"I'm still amazed how much you can touch people and how much you mean to them," McCovey said in a recent interview. "I don't know how to explain it. I've met people who tell me, 'You were the only reason my grandmother or somebody lived the last few years, because of you.' Things like that, you listen to it, and you wonder, 'God, that's amazing.'"
To celebrate McCovey's milestone birthday, the Giants have scheduled a private party for him on Thursday at AT&T Park.
"When I was growing up, that seemed ancient, to be 80," McCovey said genially. "But I don't feel any different than when I turned 40, really."
McCovey, who's employed by the Giants as a senior advisor, appreciates his continued recognition.
"It's flattering to still be thought of in that vein when you've been here for so long," he said. "Sometimes you fade away from the people."
When offense began to fade in the Majors, McCovey thrived. From 1965-70, he batted .291 and averaged 38 homers and 106 RBIs per season. He and Hank Aaron of the Braves led all big leaguers with 226 homers apiece in this span. McCovey stood alone at the top with 636 RBIs.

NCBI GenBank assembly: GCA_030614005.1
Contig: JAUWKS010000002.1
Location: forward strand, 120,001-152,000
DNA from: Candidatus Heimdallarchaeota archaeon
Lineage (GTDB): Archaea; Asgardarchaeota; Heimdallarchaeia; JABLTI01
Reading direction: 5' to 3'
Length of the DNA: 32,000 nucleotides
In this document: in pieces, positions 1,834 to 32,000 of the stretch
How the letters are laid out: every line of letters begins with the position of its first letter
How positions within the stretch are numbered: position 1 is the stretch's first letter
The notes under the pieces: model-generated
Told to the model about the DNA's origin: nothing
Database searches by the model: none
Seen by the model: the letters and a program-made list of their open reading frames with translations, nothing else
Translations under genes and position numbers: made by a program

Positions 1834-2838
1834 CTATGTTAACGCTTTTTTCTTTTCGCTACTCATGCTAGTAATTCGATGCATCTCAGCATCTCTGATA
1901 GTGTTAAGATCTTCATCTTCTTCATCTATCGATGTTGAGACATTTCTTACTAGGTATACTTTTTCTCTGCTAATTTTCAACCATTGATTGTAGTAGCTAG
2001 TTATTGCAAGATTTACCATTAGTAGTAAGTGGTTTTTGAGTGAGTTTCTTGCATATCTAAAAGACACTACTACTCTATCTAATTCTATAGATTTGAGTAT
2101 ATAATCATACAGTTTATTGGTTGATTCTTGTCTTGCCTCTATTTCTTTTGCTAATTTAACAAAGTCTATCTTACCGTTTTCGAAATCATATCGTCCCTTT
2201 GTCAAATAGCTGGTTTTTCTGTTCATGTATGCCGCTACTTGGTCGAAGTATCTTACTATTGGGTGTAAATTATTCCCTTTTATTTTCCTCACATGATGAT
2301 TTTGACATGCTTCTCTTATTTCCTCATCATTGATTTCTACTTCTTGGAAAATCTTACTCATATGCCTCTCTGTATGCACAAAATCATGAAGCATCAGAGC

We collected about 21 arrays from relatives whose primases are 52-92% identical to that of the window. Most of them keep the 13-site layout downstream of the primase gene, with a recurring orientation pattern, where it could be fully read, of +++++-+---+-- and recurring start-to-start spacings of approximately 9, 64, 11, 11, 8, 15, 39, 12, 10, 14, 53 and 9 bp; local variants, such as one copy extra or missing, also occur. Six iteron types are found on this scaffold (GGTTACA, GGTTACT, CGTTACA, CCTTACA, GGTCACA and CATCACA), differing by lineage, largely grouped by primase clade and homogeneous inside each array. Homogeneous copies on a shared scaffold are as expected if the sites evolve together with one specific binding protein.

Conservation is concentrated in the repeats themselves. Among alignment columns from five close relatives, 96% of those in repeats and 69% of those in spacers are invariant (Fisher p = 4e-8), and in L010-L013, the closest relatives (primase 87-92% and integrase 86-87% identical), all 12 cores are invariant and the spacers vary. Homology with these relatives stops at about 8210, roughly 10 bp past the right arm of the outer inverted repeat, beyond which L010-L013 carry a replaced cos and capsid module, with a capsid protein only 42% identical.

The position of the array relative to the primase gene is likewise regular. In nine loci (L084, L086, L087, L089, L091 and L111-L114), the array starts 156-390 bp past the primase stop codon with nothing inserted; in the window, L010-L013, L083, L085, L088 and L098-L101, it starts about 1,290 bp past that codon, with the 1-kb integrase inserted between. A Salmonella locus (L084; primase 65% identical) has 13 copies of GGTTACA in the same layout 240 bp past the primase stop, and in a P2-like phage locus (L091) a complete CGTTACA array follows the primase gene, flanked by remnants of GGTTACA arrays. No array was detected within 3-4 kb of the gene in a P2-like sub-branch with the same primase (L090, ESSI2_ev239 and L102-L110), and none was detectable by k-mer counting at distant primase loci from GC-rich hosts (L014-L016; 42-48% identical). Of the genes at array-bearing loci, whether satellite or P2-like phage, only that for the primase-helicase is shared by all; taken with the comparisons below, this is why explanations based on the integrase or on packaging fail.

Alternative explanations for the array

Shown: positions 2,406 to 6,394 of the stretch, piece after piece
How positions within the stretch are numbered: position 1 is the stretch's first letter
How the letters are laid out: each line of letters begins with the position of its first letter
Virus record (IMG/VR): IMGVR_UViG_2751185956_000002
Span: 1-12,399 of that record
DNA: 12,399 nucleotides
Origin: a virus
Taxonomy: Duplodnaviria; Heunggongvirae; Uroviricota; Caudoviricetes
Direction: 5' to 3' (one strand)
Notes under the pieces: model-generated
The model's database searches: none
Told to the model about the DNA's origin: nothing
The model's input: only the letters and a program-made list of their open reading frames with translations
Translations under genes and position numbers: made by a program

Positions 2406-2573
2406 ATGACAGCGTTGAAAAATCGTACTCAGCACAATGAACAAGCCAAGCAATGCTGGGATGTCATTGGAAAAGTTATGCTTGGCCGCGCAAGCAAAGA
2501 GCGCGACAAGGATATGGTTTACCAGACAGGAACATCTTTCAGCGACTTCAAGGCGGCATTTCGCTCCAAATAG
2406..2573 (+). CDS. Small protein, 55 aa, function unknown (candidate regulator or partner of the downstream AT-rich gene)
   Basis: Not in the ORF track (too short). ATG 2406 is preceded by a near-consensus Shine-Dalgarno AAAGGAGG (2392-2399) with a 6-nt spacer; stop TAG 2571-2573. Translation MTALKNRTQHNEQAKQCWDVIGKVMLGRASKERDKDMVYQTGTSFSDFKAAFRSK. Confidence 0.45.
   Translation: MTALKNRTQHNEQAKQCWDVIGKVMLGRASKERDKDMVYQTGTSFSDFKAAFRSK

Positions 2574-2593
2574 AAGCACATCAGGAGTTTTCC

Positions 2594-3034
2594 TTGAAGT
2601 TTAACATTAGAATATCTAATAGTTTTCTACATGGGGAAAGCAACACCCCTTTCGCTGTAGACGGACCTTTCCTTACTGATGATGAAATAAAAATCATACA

Bob Gibson, the era's most intimidating pitcher, acknowledged McCovey's looming presence. Citing the Giants' talent-laden lineups of the '60s, Gibson said in Lonnie Wheeler's book, "Sixty Feet, Six Inches," "None of the others put the fear in me that McCovey did. Not even Mays."
McCovey's ascent began on July 30, 1959, when he went 4-for-4 off another future Hall of Famer, Philadelphia's Robin Roberts. That has been well-documented. A lesser-known aspect of McCovey's debut involved the bat he borrowed from teammate Ed Bressoud -- a 35-inch, 33-ounce Hillerich & Bradsby Model U1. McCovey's own bats hadn't yet arrived from Phoenix.